– As strange as it may sound, I am thankful for the rapid acceptance and proliferation of social media and online games. Why? Because I believe that the more people interact with others of different races, ethnicity, countries & beliefs the more people will see each other as friends, not enemies. Never has it been so easy to have friends in so many places. Hopefully there will be a time when a war is called and no one will come. It is hard to demonize another country, race or people, when you actually know and have friends in that place. Are you really going to take up arms against the person that just helped you clear out the Dungeon of Massive Evil or the person that you interacted with on Facebook? Maybe I’m naive but I think one of the best hopes for world peace is for people to get to know others and realize, that basically, we all share the same basic hopes, desires and dreams. As such, I am so thankful for my Facebook friends, many of which I will never see, but yet feel that I am a little bit “richer” because of them.
– I am also exceedingly thankful for an event that occurred more than a decade ago which woke me up and set me on a course to realize that there is no big daddy in the sky. Being freed from the slavery of religion was an emancipation of the mind and while it came with a lot of pain and difficulty, the benefits far outweigh the stigma of the “atheist” brand. Thanks to Dale and Mark for this revelation; although, both of them would be horrified to know that their actions set me on this course!
– I am thankful that I am responsible to my self and my fellow man, not to some mythical sky god. The weight of this responsibility can be almost crippling since there is no sovereign entity to appeal to or to use to justify the good as well as the bad. However, this responsibility also gives hope. What we do here and now counts. There is no divine plan. How this world turns out is up to all of us. As Woodrow Wilson said: “You are not here merely to make a living. You are here in order to enable the world to live more amply, with greater vision, with a finer spirit of hope and achievement. You are here to enrich the world, and you impoverish yourself if you forget the errand.”
I think that this atheist has a lot to be thankful for.


This is the second in a series rebutting Ravi Zacharias’s 2004 book titled The Real Face of Atheism. It’s taken me a while to write this post partly because Zacharias gets so much wrong it’s infuriating. Either he is knowingly lying and misleading or he doesn’t have a clue about atheism or in this chapter – science (“Is there not a Cause”). In either case, I have a hard time respecting him.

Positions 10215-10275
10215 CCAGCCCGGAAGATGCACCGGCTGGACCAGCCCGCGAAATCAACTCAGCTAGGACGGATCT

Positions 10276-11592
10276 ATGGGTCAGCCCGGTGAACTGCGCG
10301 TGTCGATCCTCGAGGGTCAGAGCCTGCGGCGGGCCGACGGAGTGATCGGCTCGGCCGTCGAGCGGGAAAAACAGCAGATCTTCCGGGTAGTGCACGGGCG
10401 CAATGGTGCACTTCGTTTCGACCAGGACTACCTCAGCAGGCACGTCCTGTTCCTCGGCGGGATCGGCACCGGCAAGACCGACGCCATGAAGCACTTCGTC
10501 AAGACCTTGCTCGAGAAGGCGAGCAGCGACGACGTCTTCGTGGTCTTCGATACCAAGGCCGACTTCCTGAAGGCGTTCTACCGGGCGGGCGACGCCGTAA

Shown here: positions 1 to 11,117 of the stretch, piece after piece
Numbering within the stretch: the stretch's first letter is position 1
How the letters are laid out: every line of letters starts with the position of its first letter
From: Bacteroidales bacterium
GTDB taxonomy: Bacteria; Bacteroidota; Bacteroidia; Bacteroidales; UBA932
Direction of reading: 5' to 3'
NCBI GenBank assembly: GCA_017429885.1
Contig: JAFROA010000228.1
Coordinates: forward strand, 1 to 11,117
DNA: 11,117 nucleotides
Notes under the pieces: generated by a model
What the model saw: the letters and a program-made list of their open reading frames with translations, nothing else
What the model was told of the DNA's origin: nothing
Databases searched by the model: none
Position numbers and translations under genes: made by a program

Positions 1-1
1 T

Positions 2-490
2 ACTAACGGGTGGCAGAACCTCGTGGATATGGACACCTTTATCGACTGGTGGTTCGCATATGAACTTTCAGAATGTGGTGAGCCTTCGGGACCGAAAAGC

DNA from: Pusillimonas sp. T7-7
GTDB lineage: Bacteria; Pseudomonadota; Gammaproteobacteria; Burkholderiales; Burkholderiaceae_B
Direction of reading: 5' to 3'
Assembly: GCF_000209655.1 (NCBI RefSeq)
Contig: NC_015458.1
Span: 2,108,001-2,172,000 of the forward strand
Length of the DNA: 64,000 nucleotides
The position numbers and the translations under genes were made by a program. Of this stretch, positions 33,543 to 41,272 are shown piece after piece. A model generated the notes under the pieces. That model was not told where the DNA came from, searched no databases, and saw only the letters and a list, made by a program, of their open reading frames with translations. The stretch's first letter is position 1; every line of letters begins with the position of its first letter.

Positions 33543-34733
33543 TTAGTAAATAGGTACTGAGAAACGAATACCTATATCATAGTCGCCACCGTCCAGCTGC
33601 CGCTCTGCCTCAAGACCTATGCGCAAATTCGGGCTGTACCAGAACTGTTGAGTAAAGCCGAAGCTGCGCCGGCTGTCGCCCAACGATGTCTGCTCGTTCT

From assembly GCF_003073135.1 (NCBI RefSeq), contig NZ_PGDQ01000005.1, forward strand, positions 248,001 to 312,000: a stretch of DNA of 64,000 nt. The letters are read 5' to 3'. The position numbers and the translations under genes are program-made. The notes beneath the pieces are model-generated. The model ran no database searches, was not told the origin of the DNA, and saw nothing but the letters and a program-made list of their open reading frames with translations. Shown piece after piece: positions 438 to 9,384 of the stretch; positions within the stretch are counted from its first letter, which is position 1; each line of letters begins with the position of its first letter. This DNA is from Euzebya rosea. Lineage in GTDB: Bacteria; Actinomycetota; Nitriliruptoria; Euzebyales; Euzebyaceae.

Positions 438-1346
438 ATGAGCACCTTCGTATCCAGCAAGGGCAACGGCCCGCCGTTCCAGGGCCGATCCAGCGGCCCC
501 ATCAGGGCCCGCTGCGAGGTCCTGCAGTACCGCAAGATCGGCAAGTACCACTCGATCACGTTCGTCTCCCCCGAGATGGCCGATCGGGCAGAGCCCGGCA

Zacharias starts off this chapter, once again, with a complete misunderstanding of atheism.  He says:

“Postulating the nonexistence of God, atheism immediately commits the blunder of an absolute negation, which is self-contradictory. For, to sustain the belief that there is no God, it has to demonstrate infinite knowledge, which is tantamount to saying, ‘I have infinite knowledge that there is no being in existence with infinite knowledge.’”(Kindle location 427)

Atheism is simply the absence of belief that any deities exist It does not postulate “infinite knowledge.” Most atheists don’t believe in deities because there is no compelling evidence for them. Given evidence most atheists would become theists. Evidence based on a “holy” book is not evidence. Besides, I could easily turn the tables and say the theists are claiming “infinite knowledge” based on believing in a god in spite of there being no evidence. This argument is a non sequitur and It only sounds good to the believer.  (If you still don’t believe me, substitute "pink unicorns” for “god” in the quote above. No one can prove absolutely that pink unicorns don’t exist but most people think they are fables because their is no evidence of their existence. No one is claiming “infinite knowledge” in regards to pink unicorns. However, if one was found – evidence – then we would believe in them.)

I think Zacharias’ major premise for this section can be summed up as follows: